Astronomers have the first direct evidence that a newly discovered object orbiting Earth is debris from one of the Apollo moon launches over 30 years ago.
Carl Hergenrother and Robert Whiteley, astronomers at the Lunar and Planetary Laboratory at the University of Arizona, used the Steward Observatory 61-inch telescope near Mount Bigelow in the Santa Catalina Mountains north of Tucson for observations of J002E3.
The mysterious object named J002E3 was discovered in orbit around Earth on Sept. 3 by amateur astronomer Bill Yeung, viewing from a site in southern California. The discovery made news headlines as it could be the only satellite, other than the moon, naturally captured by Earth to enter Earth orbit.
After studying the object's past motion, Paul Chodas of the NASA Jet Propulsion Laboratory (JPL) in Pasadena, Calif., concluded that the object had been orbiting the sun until April of this year, when it was captured by Earth. Researchers have believed that J002E3's small size and unusual orbit suggest the object is no asteroid or other natural object, but a piece of man-made "space junk," possibly a piece of one of the Saturn V rockets that launched American astronauts to the moon during the Apollo program. The JPL news release is on the web at http://neo.jpl.nasa.gov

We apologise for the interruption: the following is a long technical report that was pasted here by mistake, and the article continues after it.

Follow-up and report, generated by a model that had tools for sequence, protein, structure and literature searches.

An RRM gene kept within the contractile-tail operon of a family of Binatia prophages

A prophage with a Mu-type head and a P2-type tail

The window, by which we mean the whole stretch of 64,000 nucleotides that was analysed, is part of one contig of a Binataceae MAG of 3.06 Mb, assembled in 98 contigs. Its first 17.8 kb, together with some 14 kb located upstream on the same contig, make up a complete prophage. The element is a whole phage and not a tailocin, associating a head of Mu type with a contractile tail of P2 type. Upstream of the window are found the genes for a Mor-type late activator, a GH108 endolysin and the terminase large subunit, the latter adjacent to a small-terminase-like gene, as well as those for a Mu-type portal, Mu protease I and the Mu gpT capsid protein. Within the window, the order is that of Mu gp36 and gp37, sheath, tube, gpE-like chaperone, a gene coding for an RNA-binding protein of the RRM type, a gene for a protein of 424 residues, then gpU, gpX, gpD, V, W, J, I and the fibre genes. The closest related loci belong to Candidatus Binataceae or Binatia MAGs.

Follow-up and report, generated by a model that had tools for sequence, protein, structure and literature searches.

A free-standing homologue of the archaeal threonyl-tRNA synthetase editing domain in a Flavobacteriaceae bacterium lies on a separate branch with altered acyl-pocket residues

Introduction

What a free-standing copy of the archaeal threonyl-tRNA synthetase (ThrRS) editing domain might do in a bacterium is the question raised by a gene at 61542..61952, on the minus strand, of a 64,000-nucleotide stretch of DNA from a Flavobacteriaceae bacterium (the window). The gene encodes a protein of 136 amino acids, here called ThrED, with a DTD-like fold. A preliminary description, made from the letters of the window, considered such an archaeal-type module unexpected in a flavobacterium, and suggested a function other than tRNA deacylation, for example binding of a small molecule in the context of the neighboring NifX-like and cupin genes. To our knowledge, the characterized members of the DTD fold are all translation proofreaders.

Hergenrother and Whiteley measured reflected light from the object Sept. 12 and 13. The photometric measurements showed that the object spins once every 63.5 seconds or once every 127 seconds more observations are needed to pin down the exact time, Hergenrother said. "Such a rapid rate of rotation is not unheard of either for an asteroid or a piece of man-made space junk, but is very consistent with each," he added.
The UA astronomers made their definitive observations with various filters to sample the colors, or spectra, that J002E3 reflects.
"Rather than looking like a known asteroid, the colors were consistent with the spectral properties of an object covered with white Titanium oxide (TiO) paint," Hergenrother said. "The Apollo Saturn S-IVB upper stages were painted with TiO paint," he noted.
Hergenrother and Whiteley checked their observations with some professional colleagues, " a kind of informal 'peer review' just in case we were way off on things," Hergenrother said.
Those key colleagues include Richard Binzel and Andy Rivken of the Massachusetts Institute of Technology. Binzel and Rivken took infrared spectra on the unique object, and those spectra "confirm that J002E3 is a dead ringer for white TiO paint," Hergenrother added.
The object is most likely a S-IVB from either Apollo 8, 10, 11, or 12, with Apollo 12 being most likely, the UA researchers conclude.
"As Bill Yeung said, this is the first recorded observation of any object being captured into a geocentric orbit," Hergenrother said.
"There is also a fairly good chance that J002E3 might crash into the moon at some point. Scientifically, that isn't too important, but it is interesting, " he said.